Lipper is an award-winning filmmaker and a lecturer at Harvard University, where she
teaches a course called "Using Film for Social
Change." Her work as a documentary filmmaker has been supported by the MacArthur
Foundation, Ford Foundation/Just Films, ITVS, Britdoc Foundation, the Gucci
Tribeca Documentary Fund, Women Make Movies and Chicken & Egg Pictures. Her
latest documentary, The Supreme Price, received the Gucci Tribeca Spotlighting Women Documentary Award. An
extended trailer from the film was commissioned to launch Gucci's
Chime for Change Women's Empowerment Campaign at TED2013. Women Make
Movies has acquired the film for distribution. Previous films Lipper has
produced and directed include Inside
Out: Portraits of Children, Growing Up Fast, and Little Fugitive. Lipper is the author
of the nationally acclaimed book Growing
Up Fast. Her photography has been published and exhibited in the US and
overseas. (Press materials)
The Supreme Price will play at the Human Rights Watch Film Festival on June 19 and at AFI Docs on June 20 and 22.
W&H: Please give us your description of the film playing.
JL: The Supreme Price illuminates Nigeria's past and present through the remarkable story of Hafsat Abiola, daughter of Nigerian human rights heroine Kudirat Abiola and Nigeria's President-elect M.K.O. Abiola, who won a historic vote in 1993 that promised to end years of military dictatorship.
Shortly after the election, Abiola's victory was annulled and he was arrested. While he was imprisoned, his wife Kudirat took over leadership of the pro-democracy movement, organizing strikes and rallies and winning international attention for the Nigerian struggle against human-rights violations perpetrated by the military dictatorship.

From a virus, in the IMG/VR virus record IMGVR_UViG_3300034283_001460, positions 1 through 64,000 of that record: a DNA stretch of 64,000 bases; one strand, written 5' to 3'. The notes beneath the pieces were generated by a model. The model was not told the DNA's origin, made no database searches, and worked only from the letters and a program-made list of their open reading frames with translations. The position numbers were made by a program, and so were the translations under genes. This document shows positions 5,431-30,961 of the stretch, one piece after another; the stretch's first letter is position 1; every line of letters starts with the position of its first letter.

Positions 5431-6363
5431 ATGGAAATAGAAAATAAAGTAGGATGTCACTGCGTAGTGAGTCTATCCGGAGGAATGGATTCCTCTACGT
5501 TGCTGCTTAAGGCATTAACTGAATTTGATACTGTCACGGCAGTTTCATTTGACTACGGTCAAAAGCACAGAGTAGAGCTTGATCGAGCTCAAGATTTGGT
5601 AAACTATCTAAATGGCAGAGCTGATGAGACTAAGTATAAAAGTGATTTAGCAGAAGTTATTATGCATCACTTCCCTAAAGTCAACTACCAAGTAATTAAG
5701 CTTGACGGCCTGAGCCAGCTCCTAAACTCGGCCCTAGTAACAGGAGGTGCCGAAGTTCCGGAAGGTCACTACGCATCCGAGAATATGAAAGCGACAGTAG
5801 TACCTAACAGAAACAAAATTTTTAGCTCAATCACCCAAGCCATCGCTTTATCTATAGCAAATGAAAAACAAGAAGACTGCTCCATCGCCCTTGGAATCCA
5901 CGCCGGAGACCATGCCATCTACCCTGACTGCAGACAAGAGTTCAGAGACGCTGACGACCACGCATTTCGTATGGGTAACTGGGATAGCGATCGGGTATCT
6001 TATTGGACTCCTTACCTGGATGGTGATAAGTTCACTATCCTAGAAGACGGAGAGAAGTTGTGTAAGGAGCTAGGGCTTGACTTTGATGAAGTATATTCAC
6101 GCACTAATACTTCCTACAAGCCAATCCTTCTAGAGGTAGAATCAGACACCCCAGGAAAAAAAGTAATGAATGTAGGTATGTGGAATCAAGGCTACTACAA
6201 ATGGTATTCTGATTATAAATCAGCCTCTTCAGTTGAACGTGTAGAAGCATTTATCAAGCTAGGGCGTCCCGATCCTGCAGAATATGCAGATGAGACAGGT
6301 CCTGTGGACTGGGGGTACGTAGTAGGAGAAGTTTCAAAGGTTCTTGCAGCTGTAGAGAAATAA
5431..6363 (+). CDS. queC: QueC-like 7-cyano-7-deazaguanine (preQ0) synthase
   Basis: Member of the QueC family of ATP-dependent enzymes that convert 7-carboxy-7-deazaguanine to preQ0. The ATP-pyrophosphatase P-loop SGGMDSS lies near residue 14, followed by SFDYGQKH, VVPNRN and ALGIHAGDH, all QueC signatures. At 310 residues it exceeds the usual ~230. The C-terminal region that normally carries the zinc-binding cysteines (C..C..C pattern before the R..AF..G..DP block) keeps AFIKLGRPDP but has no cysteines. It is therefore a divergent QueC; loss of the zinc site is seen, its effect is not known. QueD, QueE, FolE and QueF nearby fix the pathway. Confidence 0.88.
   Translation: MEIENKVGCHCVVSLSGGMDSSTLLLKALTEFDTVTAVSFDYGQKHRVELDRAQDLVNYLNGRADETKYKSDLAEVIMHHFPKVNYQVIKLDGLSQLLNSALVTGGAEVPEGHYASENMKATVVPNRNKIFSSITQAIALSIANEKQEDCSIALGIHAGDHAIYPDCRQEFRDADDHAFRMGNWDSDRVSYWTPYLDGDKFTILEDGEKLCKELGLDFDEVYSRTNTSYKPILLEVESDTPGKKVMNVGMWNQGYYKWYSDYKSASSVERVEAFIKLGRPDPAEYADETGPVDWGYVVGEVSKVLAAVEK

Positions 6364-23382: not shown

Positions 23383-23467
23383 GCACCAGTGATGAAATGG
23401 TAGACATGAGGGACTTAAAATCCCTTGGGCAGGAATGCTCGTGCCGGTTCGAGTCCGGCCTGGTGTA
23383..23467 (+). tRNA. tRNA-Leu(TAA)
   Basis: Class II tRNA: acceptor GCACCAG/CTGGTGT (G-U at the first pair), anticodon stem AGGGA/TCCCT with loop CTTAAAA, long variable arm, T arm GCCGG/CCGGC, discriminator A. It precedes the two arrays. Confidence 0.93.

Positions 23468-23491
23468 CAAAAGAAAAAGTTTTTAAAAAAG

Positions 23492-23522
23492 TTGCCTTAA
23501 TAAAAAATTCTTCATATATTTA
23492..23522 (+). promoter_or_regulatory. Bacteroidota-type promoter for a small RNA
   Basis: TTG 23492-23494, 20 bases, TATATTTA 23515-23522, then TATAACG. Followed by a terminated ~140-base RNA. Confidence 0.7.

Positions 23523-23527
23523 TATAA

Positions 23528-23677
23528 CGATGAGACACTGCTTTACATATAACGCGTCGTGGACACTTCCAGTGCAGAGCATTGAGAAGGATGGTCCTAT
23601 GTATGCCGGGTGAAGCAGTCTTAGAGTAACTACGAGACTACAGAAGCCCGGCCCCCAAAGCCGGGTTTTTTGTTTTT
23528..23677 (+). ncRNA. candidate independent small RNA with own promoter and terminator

In this political thriller, the Abiola family's intimate story unfolds against the epic backdrop of Nigeria's evolution from independence in 1960 -- through the Biafra War, subsequent military dictatorships, and the tumultuous transition to civilian rule -- through to the present day -- as Hafsat continues to face the challenge of transforming a corrupt culture of governance into a democracy capable of serving Nigeria's most marginalized population: women.
W&H: What drew you to this story?
JL: I was drawn to this particular story because it highlights the efforts of heroic Nigerian women past and present and portrays their efforts to educate and protect women, to fight corruption, to hold Nigerian leaders accountable, to empower the masses to demand true democracy, and to improve their country so that Nigeria can realize its enormous potential.
When I began working on my documentary several years ago, I had no way of knowing that in the months leading up to the film's New York premiere at the Human Rights Watch Film Festival, Nigeria would be front and center in news around the world in response to the kidnapping of over 250 schoolgirls. My film aims to provide social, political and cultural context, as well as a historical backdrop for understanding these recent developments.
Since completing the film, I have established formal partnerships with Vital Voices, Women for Women International, and Gucci's Chime for Change. Audience members who are inspired to act and make a difference in the lives of Nigerian women after seeing my film can donate directly to these organizations.
W&H: What advice do you have for other female directors?
JL: I would advise women who are producing and directing documentary films to make a conscious effort to seek out advocates and funders who have a history and mandate of championing films by and about women. The Supreme Price was fortunate to win the Gucci Tribeca Spotlighting Women Documentary Award. Subsequently, an extended trailer from my film was commissioned to launch Gucci's Chime for Change Campaign for women's empowerment at the TED Conference and globally.
Now that the film has been completed and is ready to launch, the Gucci Tribeca Spotlighting Women Documentary Award in partnership with the Kering Foundation are presenting the New York Premiere of The Supreme Price at Human Rights Watch Film Festival at Lincoln Center.
IFP Spotlight on Documentaries supports women directors year after year. I was invited to present my film there at a very early stage of its development. Through that forum I made many essential contacts, including Cinephil, the international sales agent for the film.